There are many times we have stress in our lives however, our response can be unhealthy. Here are some Unhealthy Responses To Stress And How To Overcome Them
6 Unhealthy Responses To Stress And How To Overcome Them
Stress is a normal part of life and can even be beneficial in small doses, as it can help motivate and energize you. However, too much of it can harm your physical and mental health. Statistics show that 77% of people have unmanaged stress affecting their physical well-being. It is important to recognize when stress levels are becoming unhealthy and learn crucial steps to manage them. The discussion below highlights some unhealthy responses to stress and how to overcome each.
As the popular saying goes, ‘procrastination is the thief of time.’ If you procrastinate a lot, leaving things till the last minute, it’s best to work towards overcoming that habit. Although it may sometimes come naturally, other reasons suggest procrastination is not always an inherent trait. It can be an unhealthy response to stress, and you may find yourself at a loss on how to deal with it. When you feel stressed, it can be tempting to put off tasks and responsibilities until later. However, this can often lead to even more stress as the tasks pile up and you feel pressured. To overcome procrastination, try breaking tasks into smaller, more manageable chunks and setting specific deadlines for each. You can also challenge yourself by getting accountability partners who will help keep you in check. If you feel you’re not up to the task, finding simple ways to motivate yourself, such as listening to an inspiring podcast and making positive affirmations, can go a long way. And remember, little drops of water make a mighty ocean.
Overeating or undereating
Sometimes your stress response may alternate between overeating and undereating, depending on the state of your mind and body. Both ways are considered unhealthy responses to stress and could significantly affect your body. For example, when you turn to food to cope with stress, there is an increased risk of potential weight gain. And this could lead to diseases such as diabetes and high blood pressure. Although comfort food may help you calm down initially, it may become an unhealthy coping mechanism if you get addicted.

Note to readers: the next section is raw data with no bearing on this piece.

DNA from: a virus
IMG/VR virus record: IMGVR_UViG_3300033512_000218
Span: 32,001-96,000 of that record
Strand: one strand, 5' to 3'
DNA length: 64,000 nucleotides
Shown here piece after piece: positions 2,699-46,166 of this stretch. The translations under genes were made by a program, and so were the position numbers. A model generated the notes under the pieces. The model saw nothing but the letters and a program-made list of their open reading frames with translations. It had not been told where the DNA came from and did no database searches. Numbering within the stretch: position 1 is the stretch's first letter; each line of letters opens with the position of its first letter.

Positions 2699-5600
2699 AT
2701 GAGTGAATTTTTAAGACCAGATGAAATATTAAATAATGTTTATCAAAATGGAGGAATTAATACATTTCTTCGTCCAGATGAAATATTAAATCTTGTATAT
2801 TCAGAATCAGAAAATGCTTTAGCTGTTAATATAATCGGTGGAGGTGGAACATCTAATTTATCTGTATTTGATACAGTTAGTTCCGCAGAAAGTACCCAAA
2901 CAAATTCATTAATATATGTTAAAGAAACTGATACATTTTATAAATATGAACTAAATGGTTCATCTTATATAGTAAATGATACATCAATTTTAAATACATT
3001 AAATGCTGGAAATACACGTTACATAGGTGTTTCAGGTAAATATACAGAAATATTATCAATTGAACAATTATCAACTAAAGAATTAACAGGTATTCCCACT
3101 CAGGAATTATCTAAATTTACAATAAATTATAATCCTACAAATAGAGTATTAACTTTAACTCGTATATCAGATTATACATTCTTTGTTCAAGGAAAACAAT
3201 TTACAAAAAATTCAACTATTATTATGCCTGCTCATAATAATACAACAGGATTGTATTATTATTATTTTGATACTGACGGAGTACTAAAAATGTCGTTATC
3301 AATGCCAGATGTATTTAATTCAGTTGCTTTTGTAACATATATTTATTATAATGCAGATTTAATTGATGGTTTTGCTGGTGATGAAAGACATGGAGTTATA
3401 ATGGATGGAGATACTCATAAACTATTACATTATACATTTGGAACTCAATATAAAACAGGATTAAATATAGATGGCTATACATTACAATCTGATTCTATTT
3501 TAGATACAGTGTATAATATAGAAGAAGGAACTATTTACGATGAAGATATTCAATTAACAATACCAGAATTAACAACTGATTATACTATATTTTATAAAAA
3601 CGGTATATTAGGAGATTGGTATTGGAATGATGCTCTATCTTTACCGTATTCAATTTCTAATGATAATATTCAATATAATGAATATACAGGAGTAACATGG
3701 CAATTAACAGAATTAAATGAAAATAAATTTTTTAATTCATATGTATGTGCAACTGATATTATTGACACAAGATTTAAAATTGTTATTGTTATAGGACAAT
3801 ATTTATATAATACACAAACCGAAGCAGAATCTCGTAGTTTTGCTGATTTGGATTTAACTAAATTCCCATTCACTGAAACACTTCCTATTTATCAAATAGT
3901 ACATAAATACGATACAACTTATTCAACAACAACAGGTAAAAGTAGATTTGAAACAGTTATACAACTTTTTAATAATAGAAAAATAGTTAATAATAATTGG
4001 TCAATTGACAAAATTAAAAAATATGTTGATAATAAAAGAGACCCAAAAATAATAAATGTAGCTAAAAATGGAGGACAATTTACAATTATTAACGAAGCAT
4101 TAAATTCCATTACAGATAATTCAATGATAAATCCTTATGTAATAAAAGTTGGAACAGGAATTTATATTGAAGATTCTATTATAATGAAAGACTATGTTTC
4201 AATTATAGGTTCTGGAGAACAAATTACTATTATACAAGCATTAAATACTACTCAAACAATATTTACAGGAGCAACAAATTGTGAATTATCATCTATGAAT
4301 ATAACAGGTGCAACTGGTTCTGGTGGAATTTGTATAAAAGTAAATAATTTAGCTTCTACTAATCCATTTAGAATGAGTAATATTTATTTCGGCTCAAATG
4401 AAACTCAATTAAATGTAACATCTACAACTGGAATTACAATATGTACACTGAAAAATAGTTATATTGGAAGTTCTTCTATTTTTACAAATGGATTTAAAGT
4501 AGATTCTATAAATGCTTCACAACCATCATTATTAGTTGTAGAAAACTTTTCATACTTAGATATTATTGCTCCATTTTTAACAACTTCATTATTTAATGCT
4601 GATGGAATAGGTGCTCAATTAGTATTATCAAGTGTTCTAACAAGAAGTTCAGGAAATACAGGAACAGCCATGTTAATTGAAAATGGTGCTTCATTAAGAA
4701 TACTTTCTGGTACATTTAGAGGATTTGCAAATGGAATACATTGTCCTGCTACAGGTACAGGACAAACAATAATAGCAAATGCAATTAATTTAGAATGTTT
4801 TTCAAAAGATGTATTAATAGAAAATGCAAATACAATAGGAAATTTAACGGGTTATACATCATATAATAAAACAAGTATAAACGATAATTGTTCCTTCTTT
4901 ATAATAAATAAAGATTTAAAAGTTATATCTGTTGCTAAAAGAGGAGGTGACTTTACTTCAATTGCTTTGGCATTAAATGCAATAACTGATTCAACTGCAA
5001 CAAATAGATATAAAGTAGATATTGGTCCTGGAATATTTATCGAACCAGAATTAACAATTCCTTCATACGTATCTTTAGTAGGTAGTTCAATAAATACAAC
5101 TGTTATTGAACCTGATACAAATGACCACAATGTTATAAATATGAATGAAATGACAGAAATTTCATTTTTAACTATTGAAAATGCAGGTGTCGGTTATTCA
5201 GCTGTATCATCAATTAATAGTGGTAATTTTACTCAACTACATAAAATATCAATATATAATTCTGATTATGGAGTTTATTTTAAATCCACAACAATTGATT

On the other hand, when your stress response is appetite loss, you may be subjecting your body to constant nutrient depletion. When that happens for a while, your body relies on internal fat stores to convert to energy, resulting in rapid weight loss. Excessive weight loss may seem ideal within the stereotypes of having the perfect body image. However, there are health repercussions like iron deficiency, sagging skin, and a weakened immune system. An ideal way to overcome these unhealthy responses is to practice mindful eating and make a deliberate effort to stick to balanced meals. While doing so, remember to incorporate elements like fruits, vegetables, and whole grains, which will benefit your body. You can explore healthy foods with bright colors to attract you to eat. You can also make things fun by exploring creative recipes online. Remember to also stay hydrated by drinking lots of water.
Difficulty sleeping or insomnia
30% to 50% of adults have experienced insomnia at least three times in the past seventy-two months. Stress can interfere with sleep patterns and lead to insomnia or other sleep disorders. How does this happen? It all boils down to the stress hormone cortisol. High cortisol levels in your bloodstream can cause you to go into a constant state of fight or flight, as the body’s natural response to stressful and frightening situations.